Ha: Principals will receive higher ratings on each of the four LBDQ subscales by teachers of the same race as by teachers of a race different from that of the principal.

Hypothesis 3

Ho: Principals will receive the same ratings on each of the four LBDQ subscales by teachers of the same race as the ethnic identification of the community as by teachers of a race different from the ethnic identification of the community.

Ha: Principals will receive higher ratings on each of the four LBDQ subscales by teachers of the same race as the ethnic identification of the community as by teachers of a race different from the ethnic identification of the community.

Findings

The following findings were reached in the analysis of the Representation, Demand Reconciliation, Consideration, and Superior Orientation subscales of the LBDQ Form XII.

1. On Hypothesis 1 — Principals serving in communities of the same ethnic identification as their own race received the same ratings by teachers on Representation, Demand Reconciliation, and Consideration as principals serving in communities of different ethnic identification.

On Hypothesis 1 — Principals serving in communities of the same ethnic identification as their own race received higher ratings by teachers on Superior Orientation as principals serving in communities of different ethnic identification.

2. On Hypothesis 2 —The null hypothesis was rejected on all four subscales of the LBDQ and the alternative was accepted. Therefore, principals received higher ratings by teachers of the same race than by teachers of a race different than that of the principal.

3. On Hypothesis 3 —Principals received the same ratings by teachers of the same race as the ethnic identification of the community as by teachers of a race different from that of the ethnic identification of the community on the subscales Representation, Demand Reconciliation, and Consideration.

On Hypothesis 3 — Principals received lower ratings by teachers of the same race as the ethnic identification of the community as by teachers of a race different from that of the ethnic identification of the community on the subscale Superior Orientation.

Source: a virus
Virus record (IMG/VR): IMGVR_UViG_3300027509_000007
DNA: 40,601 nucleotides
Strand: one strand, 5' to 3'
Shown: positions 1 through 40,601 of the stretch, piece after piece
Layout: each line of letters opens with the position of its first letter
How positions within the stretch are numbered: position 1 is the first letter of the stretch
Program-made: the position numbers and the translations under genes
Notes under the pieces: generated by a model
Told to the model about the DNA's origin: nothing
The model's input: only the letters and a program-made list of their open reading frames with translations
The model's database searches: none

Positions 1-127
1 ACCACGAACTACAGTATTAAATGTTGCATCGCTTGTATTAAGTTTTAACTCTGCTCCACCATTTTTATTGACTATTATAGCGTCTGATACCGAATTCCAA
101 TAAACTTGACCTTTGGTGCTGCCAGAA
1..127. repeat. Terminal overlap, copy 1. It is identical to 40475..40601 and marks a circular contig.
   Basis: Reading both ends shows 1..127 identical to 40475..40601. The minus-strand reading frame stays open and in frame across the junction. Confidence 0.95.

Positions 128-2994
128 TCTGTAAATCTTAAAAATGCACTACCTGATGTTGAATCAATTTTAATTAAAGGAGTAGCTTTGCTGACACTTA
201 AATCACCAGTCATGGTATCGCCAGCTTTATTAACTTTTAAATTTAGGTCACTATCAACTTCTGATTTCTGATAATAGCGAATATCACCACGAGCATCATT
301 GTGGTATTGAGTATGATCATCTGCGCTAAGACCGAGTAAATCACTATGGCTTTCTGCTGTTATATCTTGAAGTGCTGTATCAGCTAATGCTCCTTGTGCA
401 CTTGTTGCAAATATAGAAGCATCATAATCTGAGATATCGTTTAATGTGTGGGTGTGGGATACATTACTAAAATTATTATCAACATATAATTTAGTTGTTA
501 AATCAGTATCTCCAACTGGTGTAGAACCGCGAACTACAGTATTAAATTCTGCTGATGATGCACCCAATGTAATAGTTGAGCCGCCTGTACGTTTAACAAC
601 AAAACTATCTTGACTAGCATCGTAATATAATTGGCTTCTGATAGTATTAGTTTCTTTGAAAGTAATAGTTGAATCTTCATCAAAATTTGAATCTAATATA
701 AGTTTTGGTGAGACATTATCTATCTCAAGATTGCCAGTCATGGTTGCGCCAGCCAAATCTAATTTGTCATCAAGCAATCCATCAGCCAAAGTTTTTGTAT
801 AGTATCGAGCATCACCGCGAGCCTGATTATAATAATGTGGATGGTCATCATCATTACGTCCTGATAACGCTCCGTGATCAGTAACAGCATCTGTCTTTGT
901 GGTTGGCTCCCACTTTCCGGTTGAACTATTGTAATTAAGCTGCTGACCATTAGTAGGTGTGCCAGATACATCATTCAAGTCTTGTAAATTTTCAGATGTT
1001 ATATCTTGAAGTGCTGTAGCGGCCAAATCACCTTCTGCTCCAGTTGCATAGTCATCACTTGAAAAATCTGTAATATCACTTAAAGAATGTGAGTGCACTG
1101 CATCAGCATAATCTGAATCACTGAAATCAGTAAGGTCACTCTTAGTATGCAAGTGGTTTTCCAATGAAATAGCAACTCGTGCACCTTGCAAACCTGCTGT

Recommendations

The following recommendations are made as a result of this research:

1. This study be expanded to include more school systems to provide a wider sample.

2. This study be expanded to include students of all levels.

3. This study be expanded to include middle and high school teachers and principals.

4. Studies of this type be ongoing so that knowledge and insight into teachers' perceptions of leadership behavior of principals is available.

5. This study be expanded to include all twelve subscales of the LBDQ Form XII.

6. This study be expanded to assess a faculty's perception of black and white principals (with the LBDQ Form XII) using the following variables.

a. Race and sex

(1) Black males vs. white males (2) Black females vs. white females (3) Black males vs. black females (4) White males vs. white females

b. Race and grade level of teaching

(1) Black kindergarten teacher vs. white kindergarten teachers (2) Black elementary teachers vs. white elementary teachers

7. This study include teacher's perceptions of the leadership behavior of black principals with predominantly white student populations or white principals with predominantly black student populations. This study would provide insight into race in perceptions of faculty and students which would provide valuable input to the principal.

8. Principals' supervisors take into account the fact that the race of the teachers rating the principal is a factor in the ratings given.

From the above recommendations, a researcher could analyze data that would uncover information valuable to those being perceived. Additionally, it is hoped that the tendencies and implications in this study will in some way contribute to the literature in the field of education administration.